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Publisher: Lippincott, Williams & Wilkins
Languages: English
Types: Article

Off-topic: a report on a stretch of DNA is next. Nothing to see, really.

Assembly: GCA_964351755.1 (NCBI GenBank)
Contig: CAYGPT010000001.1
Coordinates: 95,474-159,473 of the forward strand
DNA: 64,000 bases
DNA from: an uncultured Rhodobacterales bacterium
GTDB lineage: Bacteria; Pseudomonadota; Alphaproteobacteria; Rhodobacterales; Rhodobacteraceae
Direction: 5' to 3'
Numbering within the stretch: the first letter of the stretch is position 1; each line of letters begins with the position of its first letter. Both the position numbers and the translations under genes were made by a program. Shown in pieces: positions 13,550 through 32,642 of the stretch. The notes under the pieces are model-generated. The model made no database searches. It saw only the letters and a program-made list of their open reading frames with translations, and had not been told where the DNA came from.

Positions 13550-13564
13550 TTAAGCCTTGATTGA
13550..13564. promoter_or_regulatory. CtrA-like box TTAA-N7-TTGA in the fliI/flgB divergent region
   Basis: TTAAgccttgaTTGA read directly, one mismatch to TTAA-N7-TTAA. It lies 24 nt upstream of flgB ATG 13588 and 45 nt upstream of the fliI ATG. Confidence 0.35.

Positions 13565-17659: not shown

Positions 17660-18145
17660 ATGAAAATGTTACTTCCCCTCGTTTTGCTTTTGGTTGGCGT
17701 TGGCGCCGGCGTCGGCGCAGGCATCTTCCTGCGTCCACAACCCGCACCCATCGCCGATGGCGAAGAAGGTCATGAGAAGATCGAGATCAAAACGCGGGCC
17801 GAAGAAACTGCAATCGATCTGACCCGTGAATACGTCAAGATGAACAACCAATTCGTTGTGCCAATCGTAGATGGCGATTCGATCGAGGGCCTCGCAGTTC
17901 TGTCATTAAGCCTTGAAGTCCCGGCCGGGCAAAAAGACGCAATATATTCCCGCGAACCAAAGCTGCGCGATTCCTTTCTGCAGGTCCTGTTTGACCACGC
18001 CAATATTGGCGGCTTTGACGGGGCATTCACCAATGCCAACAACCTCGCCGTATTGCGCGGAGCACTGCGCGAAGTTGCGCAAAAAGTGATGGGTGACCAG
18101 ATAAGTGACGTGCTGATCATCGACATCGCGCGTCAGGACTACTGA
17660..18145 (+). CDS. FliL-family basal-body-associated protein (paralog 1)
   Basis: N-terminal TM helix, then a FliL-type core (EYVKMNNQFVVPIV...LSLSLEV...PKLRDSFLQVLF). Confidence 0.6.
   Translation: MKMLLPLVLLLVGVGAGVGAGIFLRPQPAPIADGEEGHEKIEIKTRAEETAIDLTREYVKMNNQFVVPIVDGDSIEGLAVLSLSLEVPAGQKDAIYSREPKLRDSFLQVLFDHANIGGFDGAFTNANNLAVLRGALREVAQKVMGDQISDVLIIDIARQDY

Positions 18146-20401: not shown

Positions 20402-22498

Objectives: We compared the magnitude and direction of associations between\ud forgiveness and pain, mental and physical health, quality of life, and anger in a\ud sample of fibromyalgia (FMS) patients and healthy controls. In addition, we compared\ud FMS and controls on mean levels of these variables.\ud Methods: 173 FMS patients and 81 controls completed this study. Patients and\ud controls were residents of Germany recruited with the support of the German\ud Fibromyalgia Patient Association and several self-help groups. FMS patients and\ud controls were about 53 years of age, mostly married (70%), Christians (81%), with\ud levels of education ranging from 9 years to 13+. All participants completed\ud assessments of forgiveness, pain, health, quality of life, and anger.\ud Results: Analyses revealed that FMS patients reported higher pain and anger and\ud poorer health and quality of life. FMS patients also reported lower levels of both\ud forgiveness of self and others. Size and direction of associations of forgiveness with\ud pain, health, quality of life, and anger in were not significantly different between\ud healthy individuals and patients with FMS.\ud Discussion: Forgiveness of self and others is beneficially associated with pain,\ud health, quality of life, and anger in FMS patients at levels that are of similar size and\ud direction as in healthy controls. However, FMS patients manifest lower levels of\ud forgiveness of self and others. Therapeutic promotion of forgiveness as a\ud psychosocial coping strategy may help patients with FMS to better manage\ud psychological and physical symptoms, thereby enhancing well-being.
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